Susceptibility to cellular stress in PS1 mutant N2a cells is associated with mitochondrial defects and altered calcium homeostasis.
Presenilin 1 (PS1) mutations are the most common cause of familial Alzheimer's disease (FAD). PS1 also plays a role in cellular processes such as calcium homeostasis and autophagy. We hypothesized that mutant presenilins increase cellular vulnerability to stress. We stably expressed human PS1, mutant PS1E280A and mutant PS1Δ9 in mouse neuroblastoma N2a cells. We examined early signs of stress in different conditions: endoplasmic reticulum (ER) stress, calcium overload, oxidative stress, and Aβ 1-42 oligomers toxicity. Additionally, we induced autophagy via serum starvation. PS1 mutations did not have an effect in ER stress but PS1E280A mutation affected autophagy. PS1 overexpression influenced calcium homeostasis and generated mitochondrial calcium overload modifying mitochondrial function. However, the opening of the mitochondrial permeability transition pore (MPTP) was affected in PS1 mutants, being accelerated in PS1E280A and inhibited in PS1Δ9 cells. Altered autophagy in PS1E280A cells was neither modified by inhibition of γ-secretase, nor by ER calcium retention. MPTP opening was directly regulated by γ-secretase inhibitors independent on organelle calcium modulation, suggesting a novel direct role for PS1 and γ-secretase in mitochondrial stress. We identified intrinsic cellular vulnerability to stress in PS1 mutants associated simultaneously with both, autophagic and mitochondrial function, independent of Aβ pathology.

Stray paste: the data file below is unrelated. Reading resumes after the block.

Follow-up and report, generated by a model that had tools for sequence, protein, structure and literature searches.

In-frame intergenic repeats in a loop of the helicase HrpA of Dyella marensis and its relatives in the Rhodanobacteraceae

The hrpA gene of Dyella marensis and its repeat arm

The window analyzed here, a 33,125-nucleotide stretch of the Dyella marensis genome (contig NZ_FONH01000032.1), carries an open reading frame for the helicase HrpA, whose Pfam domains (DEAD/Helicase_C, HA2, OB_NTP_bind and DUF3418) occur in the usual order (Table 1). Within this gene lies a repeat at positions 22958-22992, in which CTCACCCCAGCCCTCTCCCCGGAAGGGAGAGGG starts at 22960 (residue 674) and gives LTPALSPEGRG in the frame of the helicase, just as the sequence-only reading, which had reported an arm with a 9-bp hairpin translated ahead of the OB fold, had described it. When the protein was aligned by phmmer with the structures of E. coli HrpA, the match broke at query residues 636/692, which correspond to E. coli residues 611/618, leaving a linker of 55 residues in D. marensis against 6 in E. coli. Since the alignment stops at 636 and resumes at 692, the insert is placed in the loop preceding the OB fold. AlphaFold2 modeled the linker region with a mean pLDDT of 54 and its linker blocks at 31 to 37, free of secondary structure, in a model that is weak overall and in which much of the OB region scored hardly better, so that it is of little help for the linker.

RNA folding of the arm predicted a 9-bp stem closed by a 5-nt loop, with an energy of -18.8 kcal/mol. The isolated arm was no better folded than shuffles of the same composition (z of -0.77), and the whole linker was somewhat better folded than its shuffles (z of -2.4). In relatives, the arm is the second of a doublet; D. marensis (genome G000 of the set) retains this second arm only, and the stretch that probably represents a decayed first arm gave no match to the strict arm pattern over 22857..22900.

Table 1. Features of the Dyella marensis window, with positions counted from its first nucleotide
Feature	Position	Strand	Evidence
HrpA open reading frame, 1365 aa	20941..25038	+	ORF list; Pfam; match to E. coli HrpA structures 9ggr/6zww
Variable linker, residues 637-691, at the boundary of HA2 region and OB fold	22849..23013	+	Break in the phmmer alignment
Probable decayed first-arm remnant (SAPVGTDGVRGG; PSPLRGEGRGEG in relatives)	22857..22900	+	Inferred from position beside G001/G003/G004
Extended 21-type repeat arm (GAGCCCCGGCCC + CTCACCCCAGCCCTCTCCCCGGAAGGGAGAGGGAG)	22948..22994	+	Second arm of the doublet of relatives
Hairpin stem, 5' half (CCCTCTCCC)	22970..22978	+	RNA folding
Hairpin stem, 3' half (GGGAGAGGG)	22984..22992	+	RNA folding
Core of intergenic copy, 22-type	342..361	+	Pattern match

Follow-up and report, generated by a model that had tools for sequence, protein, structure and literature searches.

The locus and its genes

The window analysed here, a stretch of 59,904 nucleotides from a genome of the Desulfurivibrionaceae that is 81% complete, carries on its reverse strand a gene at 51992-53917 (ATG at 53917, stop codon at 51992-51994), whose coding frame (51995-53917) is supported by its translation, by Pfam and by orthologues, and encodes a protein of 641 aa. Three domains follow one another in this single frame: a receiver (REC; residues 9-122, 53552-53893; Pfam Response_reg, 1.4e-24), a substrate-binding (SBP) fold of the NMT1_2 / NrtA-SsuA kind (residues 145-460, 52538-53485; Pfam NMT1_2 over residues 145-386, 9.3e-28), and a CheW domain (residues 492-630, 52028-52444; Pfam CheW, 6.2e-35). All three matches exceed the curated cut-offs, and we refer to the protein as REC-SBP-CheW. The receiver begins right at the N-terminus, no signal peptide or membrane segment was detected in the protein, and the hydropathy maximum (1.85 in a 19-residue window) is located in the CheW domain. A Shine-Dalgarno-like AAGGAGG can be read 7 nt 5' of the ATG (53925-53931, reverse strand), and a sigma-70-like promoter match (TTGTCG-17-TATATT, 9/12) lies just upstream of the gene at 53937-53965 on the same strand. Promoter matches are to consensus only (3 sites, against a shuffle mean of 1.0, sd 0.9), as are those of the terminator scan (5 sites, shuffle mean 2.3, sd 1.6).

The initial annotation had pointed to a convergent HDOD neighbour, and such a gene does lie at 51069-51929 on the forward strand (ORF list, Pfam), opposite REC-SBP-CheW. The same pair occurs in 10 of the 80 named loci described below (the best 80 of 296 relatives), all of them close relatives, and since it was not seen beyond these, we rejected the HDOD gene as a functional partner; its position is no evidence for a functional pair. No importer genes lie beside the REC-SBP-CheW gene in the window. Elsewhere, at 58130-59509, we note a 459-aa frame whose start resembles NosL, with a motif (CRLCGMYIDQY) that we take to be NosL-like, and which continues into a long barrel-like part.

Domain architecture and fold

Telethon (GGP15219/B, GGP15219)
Fritz Thyssen Stiftung (Fritz Thyssen Foundation) (50.12.0.042)
U.S. Department of Health & Human Services | NIH | National Institute of Neurological Disorders and Stroke (NINDS) (RF1NS110048)
Associazione Italiana per la Ricerca sul Cancro (Italian Association for Cancer Research) (IG-18624)